The heart of Rotary is the service club and the community in which it exists. People join first and foremost because they want to give back to their community. Finding fellowship and honing leadership skills are pleasant extras.
As Rotary grew and matured into an International organisation, it saw the need to give service beyond the local community and with the formation of a foundation created a means by which our motto “service above self” could broaden the concept of community to include the World.
 
This concept found its greatest expression in 1985 when Rotary decided to rid the world of Polio. It was a task of audacious magnitude and has forever changed Rotary.
 
We not only learned that we could do good in our community but throughout the entire World. Although we can take pride in this achievement, we should not forget that we also set in motion a new tension, between doing good locally and internationally.
 
With the creation of a new 21st Century funding model, many Rotarians are feeling this tension more than ever. Some feel that our leader's emphasis on international service takes precedence over local community needs.
 
The concept of Global grants and District Designated Grants (DDGs) make sense in theory; however, in reality, they make no allowance for the possibility that the home community may have needs as great or greater than areas of the world less developed than First World economies.
 
Global Grants are large, and Rotary wants according to a study mentioned at the 2018 Conference in Toronto to make them even larger, whereas DDGs are small, for example, a maximum of $2,500 in District 5550.
 
To make my point that even in a Country as wealthy as Canada there are pockets of need that mirror those found in the Third World, in fact, they may sadly, be worse.
 
I was inspired to think in this manner after reading Tanya Talaga’s book All Our Relations: Finding the Path Forward. Talaga chronicles the tragic reality of children feeling so hopeless they want to die, of kids perishing in clusters, forming suicide pacts, or becoming romanced by the notion of dying ― a phenomenon that experts call “suicidal ideation.” The problem is approaching the status of a global crisis, as evidenced by the high suicide rates among the Inuit of Greenland and Aboriginal youth in Australia. But nowhere else has youth suicide reached the epidemic proportions of the indigenous population of Northwestern Ontario where indigenous youth between ages ten to nineteen have five to six times the suicide rate than their peers in the rest of the country.
 
This tragedy is a result of our colonial past where our white forefathers set up Apartheid-like reserves, broke or ignored treaties and began in the late 1800s a system of cultural genocide by establishing a residential school system followed by a child welfare system which morphed into the “sixties scoop”.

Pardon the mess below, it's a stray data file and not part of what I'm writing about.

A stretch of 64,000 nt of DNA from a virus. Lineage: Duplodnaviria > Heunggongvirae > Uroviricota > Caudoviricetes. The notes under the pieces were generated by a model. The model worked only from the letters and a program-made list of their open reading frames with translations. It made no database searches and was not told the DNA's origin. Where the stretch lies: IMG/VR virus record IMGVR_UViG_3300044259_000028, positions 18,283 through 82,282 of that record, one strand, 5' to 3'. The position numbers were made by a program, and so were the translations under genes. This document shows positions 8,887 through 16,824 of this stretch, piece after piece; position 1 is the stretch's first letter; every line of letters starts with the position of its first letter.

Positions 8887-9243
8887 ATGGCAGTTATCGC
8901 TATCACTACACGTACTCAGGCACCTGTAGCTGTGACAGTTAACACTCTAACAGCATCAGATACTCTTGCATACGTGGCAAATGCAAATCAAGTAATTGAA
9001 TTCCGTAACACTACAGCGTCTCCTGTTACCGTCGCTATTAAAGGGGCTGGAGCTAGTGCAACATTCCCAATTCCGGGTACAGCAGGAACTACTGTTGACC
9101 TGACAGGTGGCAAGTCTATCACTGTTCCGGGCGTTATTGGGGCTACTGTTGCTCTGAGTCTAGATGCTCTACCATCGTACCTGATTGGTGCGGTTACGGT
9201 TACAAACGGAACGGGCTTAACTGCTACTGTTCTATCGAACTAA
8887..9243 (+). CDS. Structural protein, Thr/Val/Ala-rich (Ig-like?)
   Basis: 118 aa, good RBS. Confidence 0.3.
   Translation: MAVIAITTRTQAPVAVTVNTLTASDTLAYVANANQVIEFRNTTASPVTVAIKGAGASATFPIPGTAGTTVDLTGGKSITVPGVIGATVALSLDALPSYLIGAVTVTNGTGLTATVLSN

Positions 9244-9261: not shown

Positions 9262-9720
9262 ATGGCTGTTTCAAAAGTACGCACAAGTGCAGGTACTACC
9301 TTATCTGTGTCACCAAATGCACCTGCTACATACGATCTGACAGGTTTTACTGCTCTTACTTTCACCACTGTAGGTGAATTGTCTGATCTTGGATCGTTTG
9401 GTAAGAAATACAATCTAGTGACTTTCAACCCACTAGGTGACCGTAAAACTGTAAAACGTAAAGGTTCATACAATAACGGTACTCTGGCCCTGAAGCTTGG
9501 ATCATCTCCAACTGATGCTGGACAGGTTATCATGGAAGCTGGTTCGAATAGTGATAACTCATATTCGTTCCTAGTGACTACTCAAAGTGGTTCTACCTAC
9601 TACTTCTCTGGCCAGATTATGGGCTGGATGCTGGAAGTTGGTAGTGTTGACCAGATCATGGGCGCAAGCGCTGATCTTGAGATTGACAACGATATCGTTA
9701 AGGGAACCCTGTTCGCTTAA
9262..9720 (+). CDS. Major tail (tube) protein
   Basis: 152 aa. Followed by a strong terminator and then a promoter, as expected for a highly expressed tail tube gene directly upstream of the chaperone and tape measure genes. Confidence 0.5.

Talaga describes how the problem is so dire and so complex and the psychological and counselling services so minimal that hope almost vanishes from view as you read her story.
 
There are six Rotary Clubs spread over two District’s in the region; my club is one of them. It has one small literacy project underway at the $2,500 DDG level. It amounts to little more than a tiny pebble in a mountain of stones.
 
To fully appreciate the scope of the difficulty you have to understand the geography of this region. It is the size of France, or Texas or England, Wales, Scotland, Northern Ireland and Erie combined. It has a population of maybe 190,000 of which over forty-thousand are indigenous living in the northern half in 49 communities few of which have land access to the south or each other except for six to eight weeks in the dead of winter when ice roads exist to bring in fuel and building materials.
 
 
The scope of the solution is huge and involves the need for millions of dollars. With courage and foresight, it is possible for a club working with other clubs, district’s and RI to plan a strategy with the Nishnawbe Aski Nation (NAN), and Provincial and Federal governments to develop long term and short term action plans to address the problems of youth suicide. As it stands now, there is no room for a Global Grant to assist local Rotarians to address such a monumental problem.
 
Another area looms large upon the horizon. There are currently 65,000,000 migrants escaping war, famine and other forms of violence.  It doesn’t take a genius to realise that taking a  “not-in-my-backyard” attitude grounded in fear, hatred and ignorance is tilling for disaster.  Governments can not be expected to do everything. Cities size at all levels of national development has reached a magnitude never before seen. Rotary Clubs in cities and RI need to plan for the kinds of mega-projects which will need Global grants “locally” to be of use.
 
These are but two examples of where our current system of Global Grants is out of sync with reality and distort the heart of Rotary, the local community.  We need to re-evaluate our criteria for the grant system to function equitably so the use of money from our World fund can address both international and local needs.
 
We want to be “People of Action” locally and internationally. We need to admit that sometimes the big actions are needed at home too.
 
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